'PARTNER IN FIGHTING TERROR'
It condemned the ban, saying it came despite Khartoum engaging in talks with Washington on fighting terrorism.
"These negotiations confirmed that Sudan plays a big role as a partner in fighting terrorism that endangers people of both countries and of the world," the foreign ministry said at the time.
Before leaving office, president Barack Obama eased decades-old US sanctions against Sudan, but kept Khartoum on the blacklist.
Sudan was designated a state sponsor of terrorism in 1993 and has been subject to a US trade embargo since 1997 over its alleged support for Islamist groups.
Al-Qaeda leader Osama bin Laden was based in Khartoum from 1992 to 1996.
Washington believes Khartoum's terror ties have ebbed, but has kept sanctions in place because of the scorched-earth tactics it has used against ethnic minority rebels in Darfur.
NO CHANGE IN POLICY
In its statement on Wednesday, the US embassy said there has been "no change to Sudan's inclusion on the United States' State Sponsor of Terrorism list".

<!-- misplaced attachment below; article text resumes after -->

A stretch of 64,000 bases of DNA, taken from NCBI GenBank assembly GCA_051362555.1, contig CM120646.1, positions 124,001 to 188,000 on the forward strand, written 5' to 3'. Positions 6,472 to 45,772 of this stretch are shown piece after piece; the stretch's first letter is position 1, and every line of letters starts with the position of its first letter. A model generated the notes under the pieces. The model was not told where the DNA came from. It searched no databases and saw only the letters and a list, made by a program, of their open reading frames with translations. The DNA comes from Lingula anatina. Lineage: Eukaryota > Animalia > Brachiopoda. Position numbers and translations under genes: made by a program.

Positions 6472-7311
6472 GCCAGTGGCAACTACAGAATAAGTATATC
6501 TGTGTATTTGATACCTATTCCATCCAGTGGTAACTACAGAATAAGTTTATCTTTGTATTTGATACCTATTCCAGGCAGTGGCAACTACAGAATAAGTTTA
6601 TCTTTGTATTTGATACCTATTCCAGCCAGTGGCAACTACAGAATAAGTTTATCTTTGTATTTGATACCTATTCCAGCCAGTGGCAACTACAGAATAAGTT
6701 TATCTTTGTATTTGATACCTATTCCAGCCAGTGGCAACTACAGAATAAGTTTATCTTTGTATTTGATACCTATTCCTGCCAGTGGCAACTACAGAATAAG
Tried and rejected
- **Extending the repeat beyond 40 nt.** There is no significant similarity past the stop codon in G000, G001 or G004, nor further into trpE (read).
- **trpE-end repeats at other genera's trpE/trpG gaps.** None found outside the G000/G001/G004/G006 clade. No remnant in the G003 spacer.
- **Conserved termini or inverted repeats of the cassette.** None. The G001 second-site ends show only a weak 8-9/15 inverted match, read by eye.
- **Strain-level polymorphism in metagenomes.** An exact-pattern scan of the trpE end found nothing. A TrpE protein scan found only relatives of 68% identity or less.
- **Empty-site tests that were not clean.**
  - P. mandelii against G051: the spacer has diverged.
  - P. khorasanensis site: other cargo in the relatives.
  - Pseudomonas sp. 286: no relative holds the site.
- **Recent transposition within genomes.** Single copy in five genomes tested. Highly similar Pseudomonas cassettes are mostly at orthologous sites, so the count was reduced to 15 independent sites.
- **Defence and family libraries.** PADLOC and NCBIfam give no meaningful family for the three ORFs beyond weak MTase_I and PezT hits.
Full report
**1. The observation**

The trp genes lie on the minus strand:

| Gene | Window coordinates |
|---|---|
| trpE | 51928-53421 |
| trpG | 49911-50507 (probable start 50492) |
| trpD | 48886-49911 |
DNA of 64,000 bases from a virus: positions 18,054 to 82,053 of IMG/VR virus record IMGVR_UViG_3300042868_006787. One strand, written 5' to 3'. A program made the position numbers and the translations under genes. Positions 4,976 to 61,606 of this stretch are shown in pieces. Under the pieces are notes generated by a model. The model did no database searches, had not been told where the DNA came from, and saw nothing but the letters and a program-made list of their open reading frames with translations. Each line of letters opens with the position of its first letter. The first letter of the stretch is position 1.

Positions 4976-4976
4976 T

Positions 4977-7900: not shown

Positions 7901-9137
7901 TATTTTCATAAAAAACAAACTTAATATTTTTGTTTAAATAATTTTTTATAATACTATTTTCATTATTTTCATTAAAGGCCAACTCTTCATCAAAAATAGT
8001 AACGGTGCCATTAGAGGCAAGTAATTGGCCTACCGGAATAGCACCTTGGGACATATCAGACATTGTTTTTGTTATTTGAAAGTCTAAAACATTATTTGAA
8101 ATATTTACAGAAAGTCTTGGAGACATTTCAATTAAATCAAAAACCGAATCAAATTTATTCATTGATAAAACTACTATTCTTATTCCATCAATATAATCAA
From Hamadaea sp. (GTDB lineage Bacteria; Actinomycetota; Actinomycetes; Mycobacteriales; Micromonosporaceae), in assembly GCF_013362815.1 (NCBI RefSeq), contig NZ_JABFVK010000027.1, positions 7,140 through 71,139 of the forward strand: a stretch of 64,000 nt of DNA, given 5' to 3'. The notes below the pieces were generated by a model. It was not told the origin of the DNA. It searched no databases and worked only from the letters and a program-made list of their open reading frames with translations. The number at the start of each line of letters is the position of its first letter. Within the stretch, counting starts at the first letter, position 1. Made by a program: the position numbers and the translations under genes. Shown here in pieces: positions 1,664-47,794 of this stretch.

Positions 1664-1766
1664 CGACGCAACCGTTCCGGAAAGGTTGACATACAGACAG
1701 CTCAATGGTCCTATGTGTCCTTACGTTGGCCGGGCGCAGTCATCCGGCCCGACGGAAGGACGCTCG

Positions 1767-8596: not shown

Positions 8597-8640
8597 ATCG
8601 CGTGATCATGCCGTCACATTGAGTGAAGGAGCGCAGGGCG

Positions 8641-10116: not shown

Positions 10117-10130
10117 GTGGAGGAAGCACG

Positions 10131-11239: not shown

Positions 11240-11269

"We have been quite clear with the government of Sudan on the steps that need to be taken for us to consider delisting, as well as what would be required to make progress in easing economic sanctions."
An end to fighting in Sudan's hotspots — Blue Nile and South Kordofan states as well as the Darfur region — had been set as a precondition for sanctions being lifted.
According to the United Nations, 300,000 people have been killed and 2.5 million displaced since the Darfur conflict erupted in 2003.
South Africa came under fire for failing to arrest Bashir in 2015 when he attended an African Union summit in Johannesburg.
It insisted he had "head of state immunity" after letting him slip out of the country under shadowy circumstances.
Saudi Arabia is not a signatory to the Rome Statute under which the ICC was founded, while Sudan and the United States have not ratified the statute of the Hague-based court.